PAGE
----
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The Milton Measure

Forgery Scandal Highlights Art Industry’s Authentication Problem

by Pierce Wilson on Friday, October 21st, 2016

Art collectors spend millions of dollars each year on ‘authentic’ paintings. So, I’m sure you can imagine their reaction upon discovering that a piece they paid $10 million for wasn’t even the real thing…

Sotheby’s Auction House is an old auction house, currently headquartered in New York City and owned by the larger Sotheby’s corporation. At the 2016 Frieze Art Fair held in London, a Frank Hals painting, which sold for $10 million at Sotheby’s, was declared a fake. Interestingly, until two weeks ago, no authenticators had detected that the painting was a fake; a competent forger tricked Sotheby’s and now the art world may be in peril. Sotheby’s forgery scandal shows how the ‘art’ of art forgery is evolving faster than authenticators can keep up.

According to the Daily Beast, until the 20th Century or so, making “fakes” of paintings and sculptures was a common practice. An artist might make one painting, sell it, and have a skilled faker remake the painting so the artist would have a copy. In modern times, these “fakes” often sell for as much as their original counterparts, as they were crafted in the same time period, created with the same materials, and replicated with permission from their original owners.

However, forgery, defined by the Merriam-Webster Dictionary, refers to the crime of “falsely making or copying a work in order to deceive people.” Forgers almost always commit their deed many years after a fine work has already become well-renowned. These criminals wouldn’t bother to falsify something that they could not make decent money scamming collectors with. Business Insider reports that, in one of the most famous examples of forgery, Han van Meegeren sold $60 million worth of falsified Vermeer pieces to several collectors, including the Netherlands’ government.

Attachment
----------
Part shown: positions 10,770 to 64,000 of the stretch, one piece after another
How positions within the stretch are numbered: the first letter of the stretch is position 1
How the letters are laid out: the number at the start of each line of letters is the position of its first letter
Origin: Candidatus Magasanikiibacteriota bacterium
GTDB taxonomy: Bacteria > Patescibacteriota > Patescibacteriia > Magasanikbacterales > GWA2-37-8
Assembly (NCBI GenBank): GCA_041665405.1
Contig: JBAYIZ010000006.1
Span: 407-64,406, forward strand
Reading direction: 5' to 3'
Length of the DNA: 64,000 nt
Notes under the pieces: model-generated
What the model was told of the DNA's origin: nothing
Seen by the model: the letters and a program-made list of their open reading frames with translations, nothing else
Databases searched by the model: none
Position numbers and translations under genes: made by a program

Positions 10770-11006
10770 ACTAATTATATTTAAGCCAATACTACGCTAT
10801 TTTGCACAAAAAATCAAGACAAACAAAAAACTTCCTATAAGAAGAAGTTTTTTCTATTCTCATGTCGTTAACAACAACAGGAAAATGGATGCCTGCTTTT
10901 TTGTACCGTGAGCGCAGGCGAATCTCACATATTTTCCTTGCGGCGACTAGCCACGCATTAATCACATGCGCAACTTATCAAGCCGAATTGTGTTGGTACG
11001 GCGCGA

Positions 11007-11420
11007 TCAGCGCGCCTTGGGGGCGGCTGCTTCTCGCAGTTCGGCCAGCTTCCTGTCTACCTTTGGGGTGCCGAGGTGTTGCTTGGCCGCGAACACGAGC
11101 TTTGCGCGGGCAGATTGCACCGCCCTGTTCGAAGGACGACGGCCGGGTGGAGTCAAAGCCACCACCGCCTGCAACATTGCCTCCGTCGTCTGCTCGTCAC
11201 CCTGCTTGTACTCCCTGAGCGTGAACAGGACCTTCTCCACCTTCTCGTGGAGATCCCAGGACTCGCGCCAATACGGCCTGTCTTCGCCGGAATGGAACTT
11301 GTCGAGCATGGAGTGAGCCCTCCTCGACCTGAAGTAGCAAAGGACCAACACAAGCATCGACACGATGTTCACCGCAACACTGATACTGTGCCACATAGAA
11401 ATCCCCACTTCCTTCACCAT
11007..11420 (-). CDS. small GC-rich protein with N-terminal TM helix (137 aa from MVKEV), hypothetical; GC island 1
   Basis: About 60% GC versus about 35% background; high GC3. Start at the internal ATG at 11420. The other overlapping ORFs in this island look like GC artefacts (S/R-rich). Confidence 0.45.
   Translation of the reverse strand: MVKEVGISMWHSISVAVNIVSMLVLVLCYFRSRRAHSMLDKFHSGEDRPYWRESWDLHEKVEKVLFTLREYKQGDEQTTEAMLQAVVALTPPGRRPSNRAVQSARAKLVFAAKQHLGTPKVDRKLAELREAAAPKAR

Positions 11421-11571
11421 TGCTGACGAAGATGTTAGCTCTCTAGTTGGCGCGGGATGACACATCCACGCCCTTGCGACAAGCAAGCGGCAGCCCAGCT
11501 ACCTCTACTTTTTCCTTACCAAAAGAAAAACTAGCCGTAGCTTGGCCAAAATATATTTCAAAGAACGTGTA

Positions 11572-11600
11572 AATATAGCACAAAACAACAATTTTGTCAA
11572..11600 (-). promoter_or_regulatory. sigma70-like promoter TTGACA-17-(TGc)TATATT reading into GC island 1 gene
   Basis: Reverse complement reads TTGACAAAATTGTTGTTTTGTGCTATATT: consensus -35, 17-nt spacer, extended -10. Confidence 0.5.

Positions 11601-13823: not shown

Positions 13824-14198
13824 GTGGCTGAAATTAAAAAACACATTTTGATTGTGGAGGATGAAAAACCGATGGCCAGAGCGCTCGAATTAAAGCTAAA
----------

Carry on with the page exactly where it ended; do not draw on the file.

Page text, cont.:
In the past, forgery was done simply by looking at a work and replicating it as best as possible. Usually, skilled artists who were having difficulty making a name for themselves would get into forgery to make some easy money. Nowadays, people still pursue forgery in the same way, but the techniques for creating modern forgery have come a long way. Forgers can now use modern advances in chemistry, art history, and technology to best replicate the canvas, dimensions, and medium of the original painting, sometimes even recycling materials.

With up to $200 million worth of Sotheby paintings now being investigated for forgery, many people are left wondering how authenticators can be so sure, seeing as it took years for the Frans Hals’ fake to be discovered. Authentication has essentially been done in the same way since the Renaissance; an art critic, or panel of art critics, sits down and eyeballs the work. The critics then compare the work with what they know about the style and other attributes associated with works from that time.

According to The Daily Beast, authenticators did, at least for a short time, adopt carbon-dating, to authenticate materials. But, if a work was passed around a lot, or recently restored, carbon-dating can be very inaccurate. For these reasons, carbon-dating never picked up as an authentication method. Simply looking at pieces has, to an extent, endured the test of time — as forgers often miss things. However, as forgers evolve their techniques, authenticators need to begin to do the same.

 

Short URL: http://miltonmeasure.org/?p=8432

Posted by Pierce Wilson on Oct 21 2016. Filed under Arts & Entertainment. You can follow any responses to this entry through the RSS 2.0. You can leave a response or trackback to this entry

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